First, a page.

Tutt and Mr. Tutt

Published: 1919
Language: English
Wordcount: 64,859 / 196 pg
Flesch-Kincaid Reading Ease: 80.3
LoC Category: PS
Series: Queen's Quorum
Downloads: 2,233
Added to site: 2007.01.07
mnybks.net#: 15747
Origin: gutenberg.org

Stories of the courts and trials of New York City.

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emed the victim of hard luck, inheritance or environment. His weather-beaten conscience was as elastic as his heart. Indeed when under the expansive influence of a sufficient quantity of malt extract or ancient brandy from the cellaret on his library desk he had sometimes been heard to enunciate the theory that there was very little difference between the people in jail and those who were not.

He would work weeks without compensation to argue the case of some guilty rogue before the Court of Appeals, in order, as he said, to "settle the law," when his only real object was to get the miserable fellow out of jail and send him back to his wife and children. He went through life with a twinkling eye and a quizzical smile, and when he did wrong he did it--if such a thing is possible--in a way to make people better. He was a dangerous adversary and judges were afraid of him, not because he ever tricked or deceived them but because of the audacity and novelty of his arguments which left them speechless. He ha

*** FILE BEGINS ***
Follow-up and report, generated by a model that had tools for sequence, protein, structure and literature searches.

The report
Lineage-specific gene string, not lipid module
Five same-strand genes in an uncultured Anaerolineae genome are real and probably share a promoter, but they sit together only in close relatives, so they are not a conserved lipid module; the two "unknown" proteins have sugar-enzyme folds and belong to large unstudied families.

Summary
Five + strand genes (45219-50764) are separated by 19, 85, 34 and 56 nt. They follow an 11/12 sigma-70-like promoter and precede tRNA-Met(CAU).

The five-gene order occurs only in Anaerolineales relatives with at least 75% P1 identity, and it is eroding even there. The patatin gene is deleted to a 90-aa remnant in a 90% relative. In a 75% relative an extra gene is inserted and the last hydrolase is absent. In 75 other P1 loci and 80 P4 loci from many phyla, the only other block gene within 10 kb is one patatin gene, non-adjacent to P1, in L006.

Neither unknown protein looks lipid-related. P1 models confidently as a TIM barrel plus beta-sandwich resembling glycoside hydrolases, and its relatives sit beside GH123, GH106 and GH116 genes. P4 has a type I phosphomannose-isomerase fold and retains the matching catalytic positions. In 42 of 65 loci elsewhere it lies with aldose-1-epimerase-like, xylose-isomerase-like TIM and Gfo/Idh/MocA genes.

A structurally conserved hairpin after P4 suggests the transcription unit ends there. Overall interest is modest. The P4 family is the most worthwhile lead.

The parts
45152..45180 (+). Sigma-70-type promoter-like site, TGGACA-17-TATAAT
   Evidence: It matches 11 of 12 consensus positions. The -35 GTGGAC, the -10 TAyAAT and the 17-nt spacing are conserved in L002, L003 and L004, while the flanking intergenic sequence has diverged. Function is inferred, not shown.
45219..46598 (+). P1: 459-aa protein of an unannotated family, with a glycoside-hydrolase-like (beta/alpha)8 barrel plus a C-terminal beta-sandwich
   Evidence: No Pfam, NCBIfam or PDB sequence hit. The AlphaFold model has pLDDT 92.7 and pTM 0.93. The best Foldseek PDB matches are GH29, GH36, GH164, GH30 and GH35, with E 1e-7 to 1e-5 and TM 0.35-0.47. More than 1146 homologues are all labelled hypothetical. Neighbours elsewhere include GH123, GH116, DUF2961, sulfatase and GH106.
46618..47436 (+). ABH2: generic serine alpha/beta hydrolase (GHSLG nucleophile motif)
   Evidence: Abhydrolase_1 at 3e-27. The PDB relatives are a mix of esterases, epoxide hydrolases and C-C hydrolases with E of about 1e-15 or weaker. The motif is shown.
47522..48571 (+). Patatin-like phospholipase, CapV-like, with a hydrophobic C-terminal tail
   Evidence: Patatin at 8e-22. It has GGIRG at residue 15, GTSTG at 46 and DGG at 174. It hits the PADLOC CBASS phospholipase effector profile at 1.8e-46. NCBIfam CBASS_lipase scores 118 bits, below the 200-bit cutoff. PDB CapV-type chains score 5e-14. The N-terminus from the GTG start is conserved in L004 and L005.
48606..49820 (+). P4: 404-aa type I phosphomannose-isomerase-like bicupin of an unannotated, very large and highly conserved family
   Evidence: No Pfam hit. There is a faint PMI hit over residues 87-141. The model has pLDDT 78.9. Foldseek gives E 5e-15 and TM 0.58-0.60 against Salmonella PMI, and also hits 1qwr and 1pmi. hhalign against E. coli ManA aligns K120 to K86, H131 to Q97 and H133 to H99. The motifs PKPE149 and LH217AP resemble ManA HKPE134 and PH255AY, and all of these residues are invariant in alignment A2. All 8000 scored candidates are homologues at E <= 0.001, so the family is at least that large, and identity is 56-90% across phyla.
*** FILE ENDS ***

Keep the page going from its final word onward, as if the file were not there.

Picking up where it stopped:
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Average Rating of 5 from 4 reviews: *****
Maria Wendt

The three previous readers pretty much sum it up. I liked this book because of it's unique perspective on crime; that of the defending lawyer. Normally, of course, it's the detective's view, but this perspective was very different and very interesting. 5 stars for this one!!


I read this book because of the two positive reviews, and wasn't disappointed. It is extremely entertaining and satirical. I'm looking forward to reading more books by Arthur Train.


Just when I was starting to despair of finding some decent reading matter, I discovered Tutt. These short stories are beautifully crafted. The author has a wonderful combination of writing skill and wit. I found a quote from Train which sums up his attitude to the law: "Court, a place where they dispense with justice."


Clever, engaging book about the "semi-respectable" law firm of Tutt and Tutt, and the lengths to which it will go to obtain acquittals or favorable judgments for its clients. Each chapter is a different case, and each chapter is delightful and often surprising. A superb read.

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